The big hoo-haa about the adoption of disc brakes for road racing finally came to an end after the Union Cycliste Internationale (UCI) announced its decision to recommence the trial of disc brakes on road bikes from 1 January 2017 onwards. According to UCI’s press statement, the use of disc brake is not without any caveat. The rotor disc that will be installed on the bikes shall not have 90-degree sharp edges. Also, the trial will be closely monitored and formally reviewed on a monthly basis.
In the midst of reports on reckless e-scooter riders and enforcement actions taken against them, a small group of researchers are at the other end of the ecosystem, carrying out studies on whether the proposed speed limits that will be imposed on bicycles and personal mobility devices (PMDs) are low enough to give pedestrians sufficient reaction time to avoid them.
In response to the report that there have been a marked increase in the number of errant e-scooter users who were riding recklessly at excessive speeds along footpaths and on the roads, the Land Transport Authority (LTA) issued a press release, clarifying that it is already acting on such complaints.
More people are using e-scooters. Likewise, cases involving users that rode e-scooters at high speeds on the roads are going up too. And it appears that this trend has begun sparking some worry over the internet.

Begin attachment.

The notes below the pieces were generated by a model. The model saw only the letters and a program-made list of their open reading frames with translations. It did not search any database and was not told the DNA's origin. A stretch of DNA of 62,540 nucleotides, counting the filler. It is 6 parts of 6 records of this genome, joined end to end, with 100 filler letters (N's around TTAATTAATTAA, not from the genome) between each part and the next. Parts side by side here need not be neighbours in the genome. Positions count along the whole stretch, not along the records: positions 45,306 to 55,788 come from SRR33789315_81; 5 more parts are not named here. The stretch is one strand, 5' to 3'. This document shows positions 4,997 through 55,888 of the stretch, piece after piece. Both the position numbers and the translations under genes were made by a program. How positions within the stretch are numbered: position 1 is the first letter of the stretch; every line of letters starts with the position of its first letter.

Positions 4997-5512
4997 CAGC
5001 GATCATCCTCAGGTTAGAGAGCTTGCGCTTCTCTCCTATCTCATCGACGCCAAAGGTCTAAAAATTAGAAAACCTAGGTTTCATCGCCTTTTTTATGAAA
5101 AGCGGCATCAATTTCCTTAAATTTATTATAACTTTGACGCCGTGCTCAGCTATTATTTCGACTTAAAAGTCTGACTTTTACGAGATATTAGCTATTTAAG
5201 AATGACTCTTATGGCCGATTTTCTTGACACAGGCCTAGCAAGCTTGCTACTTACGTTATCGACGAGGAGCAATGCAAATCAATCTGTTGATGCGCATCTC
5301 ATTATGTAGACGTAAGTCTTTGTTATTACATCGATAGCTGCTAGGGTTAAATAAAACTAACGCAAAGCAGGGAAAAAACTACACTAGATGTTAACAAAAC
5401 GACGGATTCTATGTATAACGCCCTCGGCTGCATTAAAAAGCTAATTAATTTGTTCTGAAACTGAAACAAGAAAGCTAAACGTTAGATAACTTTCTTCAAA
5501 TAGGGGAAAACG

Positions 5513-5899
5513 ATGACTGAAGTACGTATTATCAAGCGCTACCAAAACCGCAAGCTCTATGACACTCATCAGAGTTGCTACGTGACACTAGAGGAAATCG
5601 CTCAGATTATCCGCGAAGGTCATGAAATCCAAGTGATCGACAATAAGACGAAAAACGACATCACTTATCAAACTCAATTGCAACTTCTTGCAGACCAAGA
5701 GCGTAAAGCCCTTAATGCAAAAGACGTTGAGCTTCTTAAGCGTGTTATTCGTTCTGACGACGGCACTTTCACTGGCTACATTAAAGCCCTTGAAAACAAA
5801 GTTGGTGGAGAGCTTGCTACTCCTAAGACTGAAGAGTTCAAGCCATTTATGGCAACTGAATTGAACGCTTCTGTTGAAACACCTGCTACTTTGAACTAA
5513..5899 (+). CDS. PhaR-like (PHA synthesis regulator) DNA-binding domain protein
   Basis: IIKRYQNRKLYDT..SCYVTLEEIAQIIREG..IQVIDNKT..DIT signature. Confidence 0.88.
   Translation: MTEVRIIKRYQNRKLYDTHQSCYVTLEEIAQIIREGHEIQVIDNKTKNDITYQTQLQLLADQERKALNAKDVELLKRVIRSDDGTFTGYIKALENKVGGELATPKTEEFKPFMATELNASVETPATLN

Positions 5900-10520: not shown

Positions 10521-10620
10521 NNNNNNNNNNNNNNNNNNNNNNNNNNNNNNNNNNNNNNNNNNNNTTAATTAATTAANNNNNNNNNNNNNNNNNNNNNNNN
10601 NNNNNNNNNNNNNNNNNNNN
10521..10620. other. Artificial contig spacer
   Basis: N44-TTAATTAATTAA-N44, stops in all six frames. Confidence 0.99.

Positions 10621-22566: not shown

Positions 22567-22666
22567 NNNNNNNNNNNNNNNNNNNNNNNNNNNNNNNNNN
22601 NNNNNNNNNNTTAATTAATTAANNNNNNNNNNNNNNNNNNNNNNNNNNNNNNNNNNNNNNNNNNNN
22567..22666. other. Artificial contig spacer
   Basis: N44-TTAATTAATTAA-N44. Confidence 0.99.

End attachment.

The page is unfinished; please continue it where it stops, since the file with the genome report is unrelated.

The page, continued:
There is always a fine line between displaying great skills and reckless showmanship. Tread on the unwise side and you may find yourself in the limelight for the wrong reasons. In severe cases, it can be a brush with the law. Mountain biker Izzadnaff Abdul Qusyairl probably knows this best.
Car-Free Sunday will be returning this month, marking a new season of activities after a two-month hiatus in August and September.
E-scooters have been on a rampant rise in recent times, with some shops reportedly selling hundreds of unit every month. In contrast, consumers’ interest in e-bikes has dampened drastically. Retailers put this trend down to the stricter rules that have been imposed on e-bikes since last December.
Ask some cyclists which part of the human body forms the largest contact point with the bicycle and you will probably get a mixture of responses like “hands”, “palms”, “feet” and “sole”! But the truth is, our bums is the biggest touch point with our two-wheeled gizmos! As the mainstay that supports our spine and the weight of our torso, it is no surprise that the most fleshy part of the human anatomy is the key factor that determines how enjoyable your ride can be. It doesn’t matter that you have a strong pair of legs or powerful lungs; once your backside feels sore, your ride is miserably finished!
The folks from Fabric probably kno...